For the second time ever, humanity has brought asteroid samples down to Earth. A small capsule bearing pristine pieces of the near-Earth asteroid Ryugu touched down early this afternoon (Dec. 5) within the remote and rugged Woomera Prohibited Area, about 310 miles (500 kilometers) northwest of the South Australian capital of Adelaide. The samples were snagged millions of miles from Earth by Japan’s Hayabusa2 mission, which studied the 3,000-foot-wide (900 meters) Ryugu up close from June 2018 to November 2019.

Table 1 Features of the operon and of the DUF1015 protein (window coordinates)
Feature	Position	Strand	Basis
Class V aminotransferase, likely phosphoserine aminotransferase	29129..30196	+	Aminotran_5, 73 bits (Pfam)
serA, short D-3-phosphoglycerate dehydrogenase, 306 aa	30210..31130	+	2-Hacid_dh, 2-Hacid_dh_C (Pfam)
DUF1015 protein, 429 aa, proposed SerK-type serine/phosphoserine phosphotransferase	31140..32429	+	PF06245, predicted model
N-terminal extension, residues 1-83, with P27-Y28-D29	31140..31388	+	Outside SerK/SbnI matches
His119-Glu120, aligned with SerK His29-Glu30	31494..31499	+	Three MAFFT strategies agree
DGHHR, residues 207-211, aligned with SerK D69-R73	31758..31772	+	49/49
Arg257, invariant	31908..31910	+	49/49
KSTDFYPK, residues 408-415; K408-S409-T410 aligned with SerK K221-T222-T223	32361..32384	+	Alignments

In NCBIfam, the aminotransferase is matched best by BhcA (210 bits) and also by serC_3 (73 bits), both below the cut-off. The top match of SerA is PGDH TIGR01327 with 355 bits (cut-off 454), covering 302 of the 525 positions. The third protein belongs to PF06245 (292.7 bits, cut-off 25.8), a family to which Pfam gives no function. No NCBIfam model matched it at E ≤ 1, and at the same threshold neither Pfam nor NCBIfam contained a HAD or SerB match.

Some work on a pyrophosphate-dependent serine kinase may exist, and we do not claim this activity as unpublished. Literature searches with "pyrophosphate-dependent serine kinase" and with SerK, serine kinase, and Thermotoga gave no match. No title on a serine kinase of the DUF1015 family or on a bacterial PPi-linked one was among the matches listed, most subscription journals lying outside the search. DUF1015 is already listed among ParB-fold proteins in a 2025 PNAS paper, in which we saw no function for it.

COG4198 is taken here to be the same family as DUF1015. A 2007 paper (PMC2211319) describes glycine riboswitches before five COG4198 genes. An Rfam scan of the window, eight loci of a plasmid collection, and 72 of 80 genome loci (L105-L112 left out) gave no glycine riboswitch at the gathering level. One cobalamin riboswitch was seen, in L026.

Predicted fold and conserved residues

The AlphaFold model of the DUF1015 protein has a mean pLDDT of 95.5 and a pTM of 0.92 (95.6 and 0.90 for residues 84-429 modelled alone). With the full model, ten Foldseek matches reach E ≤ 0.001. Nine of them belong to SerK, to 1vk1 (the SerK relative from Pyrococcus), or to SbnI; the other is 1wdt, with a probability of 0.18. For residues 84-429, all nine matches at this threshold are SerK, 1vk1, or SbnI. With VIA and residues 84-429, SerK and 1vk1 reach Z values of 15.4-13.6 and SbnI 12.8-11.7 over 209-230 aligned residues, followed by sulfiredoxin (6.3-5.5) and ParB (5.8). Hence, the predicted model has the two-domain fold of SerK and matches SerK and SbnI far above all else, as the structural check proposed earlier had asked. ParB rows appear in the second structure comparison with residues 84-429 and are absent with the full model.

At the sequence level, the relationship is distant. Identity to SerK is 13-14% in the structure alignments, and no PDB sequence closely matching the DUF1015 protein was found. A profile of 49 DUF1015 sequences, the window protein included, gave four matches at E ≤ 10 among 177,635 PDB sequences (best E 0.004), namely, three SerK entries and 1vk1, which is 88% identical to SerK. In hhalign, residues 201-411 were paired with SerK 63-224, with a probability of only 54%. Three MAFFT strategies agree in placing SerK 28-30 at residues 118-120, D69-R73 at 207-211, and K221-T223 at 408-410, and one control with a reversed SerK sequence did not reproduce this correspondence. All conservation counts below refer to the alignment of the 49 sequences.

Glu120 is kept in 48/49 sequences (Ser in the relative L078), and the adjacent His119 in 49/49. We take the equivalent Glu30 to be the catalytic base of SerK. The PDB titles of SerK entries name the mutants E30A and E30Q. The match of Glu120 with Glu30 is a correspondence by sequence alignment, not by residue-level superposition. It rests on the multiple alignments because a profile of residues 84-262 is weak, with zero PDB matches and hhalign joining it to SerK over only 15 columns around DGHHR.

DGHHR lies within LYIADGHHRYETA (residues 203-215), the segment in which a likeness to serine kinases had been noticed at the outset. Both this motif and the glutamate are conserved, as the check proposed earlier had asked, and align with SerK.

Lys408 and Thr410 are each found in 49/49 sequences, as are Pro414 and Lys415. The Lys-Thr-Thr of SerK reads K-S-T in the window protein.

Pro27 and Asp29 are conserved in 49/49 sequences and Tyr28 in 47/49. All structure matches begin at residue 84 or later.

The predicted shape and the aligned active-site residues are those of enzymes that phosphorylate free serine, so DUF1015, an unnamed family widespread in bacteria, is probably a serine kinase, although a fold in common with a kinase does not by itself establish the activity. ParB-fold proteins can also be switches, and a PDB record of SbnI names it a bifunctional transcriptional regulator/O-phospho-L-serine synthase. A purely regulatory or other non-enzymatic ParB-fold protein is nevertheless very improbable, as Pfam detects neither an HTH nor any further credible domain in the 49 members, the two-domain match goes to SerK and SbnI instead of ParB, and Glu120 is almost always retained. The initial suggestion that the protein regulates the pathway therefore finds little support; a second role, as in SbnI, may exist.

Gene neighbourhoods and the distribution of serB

Hayabusa2’s predecessor was the first to haul space-rock samples home, delivering pieces of the stony asteroid Itokawa in 2010. But the original Hayabusa (Japanese for “peregrine falcon”) returned less than 1 milligram of material. Hayabusa2’s bounty is expected to exceed 100 mg (0.0035 ounces), and its samples come from a very different kind of asteroid — a primitive “C-type” space rock rich in water and carbon-containing organic compounds. “The materials that formed the Earth, its oceans and life were present in the primordial cloud from which our solar system formed. In the early solar system, these materials were in contact and able to chemically interact within the same parent objects,” Japan Aerospace Exploration Agency (JAXA) officials wrote in an overview of Hayabusa2. “These interactions are retained even today in primitive bodies (C-type asteroids), so returning samples from these bodies for analysis will elucidate the origins and evolution of the solar system and the building blocks of life,” they added.